Australia’s limited-overs skipper Aaron Finch has on Thursday (14th February) described the last six months of his career as the most difficult he has ever faced.
The right-hander has been struggling to put in a good show with the show for his team ever since his Test debut last year against Pakistan in the UAE.
However, the 32-year-old made an impressive start to his Test career against Pakistan, but he was badly exposed in the home Test series against India, against whom the opener scored just 97 runs in six innings before being dropped from the national squad for the final Test.
Besides the longest format of the game, Finch's poor form with the bat was also continued in the one-day internationals against India, totaled 26 runs in three games.
Following his awful form with the bat against India, who won both historic Test and ODI series here, Finch was ignored for the Sri Lanka Tests, which Australia won 2-0 at home recently and the batsman has admitted that it was really challenging for him to produce runs in Test cricket while also juggling captaincy duties in limited overs cricket.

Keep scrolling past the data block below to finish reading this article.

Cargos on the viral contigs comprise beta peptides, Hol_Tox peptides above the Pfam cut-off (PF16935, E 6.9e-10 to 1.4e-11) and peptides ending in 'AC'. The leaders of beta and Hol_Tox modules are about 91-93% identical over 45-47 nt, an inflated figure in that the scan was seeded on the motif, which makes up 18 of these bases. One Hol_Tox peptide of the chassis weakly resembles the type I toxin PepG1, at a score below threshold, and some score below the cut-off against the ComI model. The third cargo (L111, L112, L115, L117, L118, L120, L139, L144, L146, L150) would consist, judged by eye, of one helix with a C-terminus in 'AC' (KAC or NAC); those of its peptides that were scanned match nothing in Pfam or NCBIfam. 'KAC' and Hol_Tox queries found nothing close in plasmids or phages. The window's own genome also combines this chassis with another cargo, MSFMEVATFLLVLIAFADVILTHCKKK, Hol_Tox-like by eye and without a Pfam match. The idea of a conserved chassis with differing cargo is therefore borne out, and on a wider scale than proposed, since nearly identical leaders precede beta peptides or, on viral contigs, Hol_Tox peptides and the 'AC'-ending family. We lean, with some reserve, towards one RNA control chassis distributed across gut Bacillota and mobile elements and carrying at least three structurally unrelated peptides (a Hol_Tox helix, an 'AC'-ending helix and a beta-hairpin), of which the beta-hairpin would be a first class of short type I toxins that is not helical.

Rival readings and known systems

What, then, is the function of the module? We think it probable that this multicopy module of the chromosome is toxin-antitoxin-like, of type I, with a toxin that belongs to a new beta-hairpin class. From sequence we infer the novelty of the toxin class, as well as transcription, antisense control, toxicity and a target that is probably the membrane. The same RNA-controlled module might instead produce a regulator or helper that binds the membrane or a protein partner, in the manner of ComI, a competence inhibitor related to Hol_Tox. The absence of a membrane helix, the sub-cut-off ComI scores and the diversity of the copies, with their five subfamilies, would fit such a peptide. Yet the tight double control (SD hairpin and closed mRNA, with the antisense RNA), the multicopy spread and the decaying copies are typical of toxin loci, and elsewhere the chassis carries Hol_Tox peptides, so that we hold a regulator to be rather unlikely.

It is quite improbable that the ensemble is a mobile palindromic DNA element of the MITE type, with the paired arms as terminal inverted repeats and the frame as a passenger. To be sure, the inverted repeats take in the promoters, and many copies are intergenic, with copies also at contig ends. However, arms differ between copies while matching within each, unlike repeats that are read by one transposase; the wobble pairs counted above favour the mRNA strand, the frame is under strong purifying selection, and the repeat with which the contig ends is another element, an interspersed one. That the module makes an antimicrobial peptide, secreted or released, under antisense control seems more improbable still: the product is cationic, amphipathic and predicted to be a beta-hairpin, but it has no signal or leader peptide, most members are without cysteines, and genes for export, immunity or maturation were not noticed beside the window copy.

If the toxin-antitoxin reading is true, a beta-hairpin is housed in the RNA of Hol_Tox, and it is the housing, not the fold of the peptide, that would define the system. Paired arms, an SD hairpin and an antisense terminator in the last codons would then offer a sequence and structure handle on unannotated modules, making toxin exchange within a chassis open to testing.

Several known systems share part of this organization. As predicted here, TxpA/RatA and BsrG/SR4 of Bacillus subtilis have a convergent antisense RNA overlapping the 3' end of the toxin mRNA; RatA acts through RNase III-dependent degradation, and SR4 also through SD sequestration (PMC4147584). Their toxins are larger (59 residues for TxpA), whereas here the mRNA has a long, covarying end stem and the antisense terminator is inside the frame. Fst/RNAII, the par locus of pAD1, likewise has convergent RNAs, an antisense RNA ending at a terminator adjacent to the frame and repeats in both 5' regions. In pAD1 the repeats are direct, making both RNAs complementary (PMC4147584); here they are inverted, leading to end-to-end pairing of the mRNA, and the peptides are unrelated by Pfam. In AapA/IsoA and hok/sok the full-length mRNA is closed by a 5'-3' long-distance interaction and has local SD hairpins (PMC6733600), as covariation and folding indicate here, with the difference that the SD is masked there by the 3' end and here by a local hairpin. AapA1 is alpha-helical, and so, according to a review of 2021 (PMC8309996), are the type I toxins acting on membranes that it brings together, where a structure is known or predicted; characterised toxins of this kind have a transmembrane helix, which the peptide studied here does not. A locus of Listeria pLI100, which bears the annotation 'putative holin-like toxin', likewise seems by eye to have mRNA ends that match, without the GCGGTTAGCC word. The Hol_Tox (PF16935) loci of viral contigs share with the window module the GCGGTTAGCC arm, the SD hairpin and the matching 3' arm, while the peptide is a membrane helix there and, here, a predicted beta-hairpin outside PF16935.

Finch told SEN Breakfast on Thursday, “Probably the last six months have been the most difficult of my career in terms of chopping and changing formats.”
He continued, “Making my Test debut and playing a bit more Test cricket was probably a mental challenge more than anything. To play in Dubai and then come straight back into an ODI and T20 series and Test matches - it’s probably been the longest sustained period that I’ve played cricket for Australia. It was quite mentally challenging and something that I probably didn’t give the guys who played all three formats of the game enough credit (for) in the past.”
Meanwhile, Finch has insisted that he isn't giving up on the Test dream despite overlooking for the home Sri Lanka series, saying the Test experience has been great so far.
Finch signed off by saying, “It does wear you down a little bit, but at the same time, it’s been amazing. I wouldn’t change it for anything. It was a great learning experience for me about my game and myself, but also the management of my own time and my own emotions.”
(With SEN Breakfast Inputs)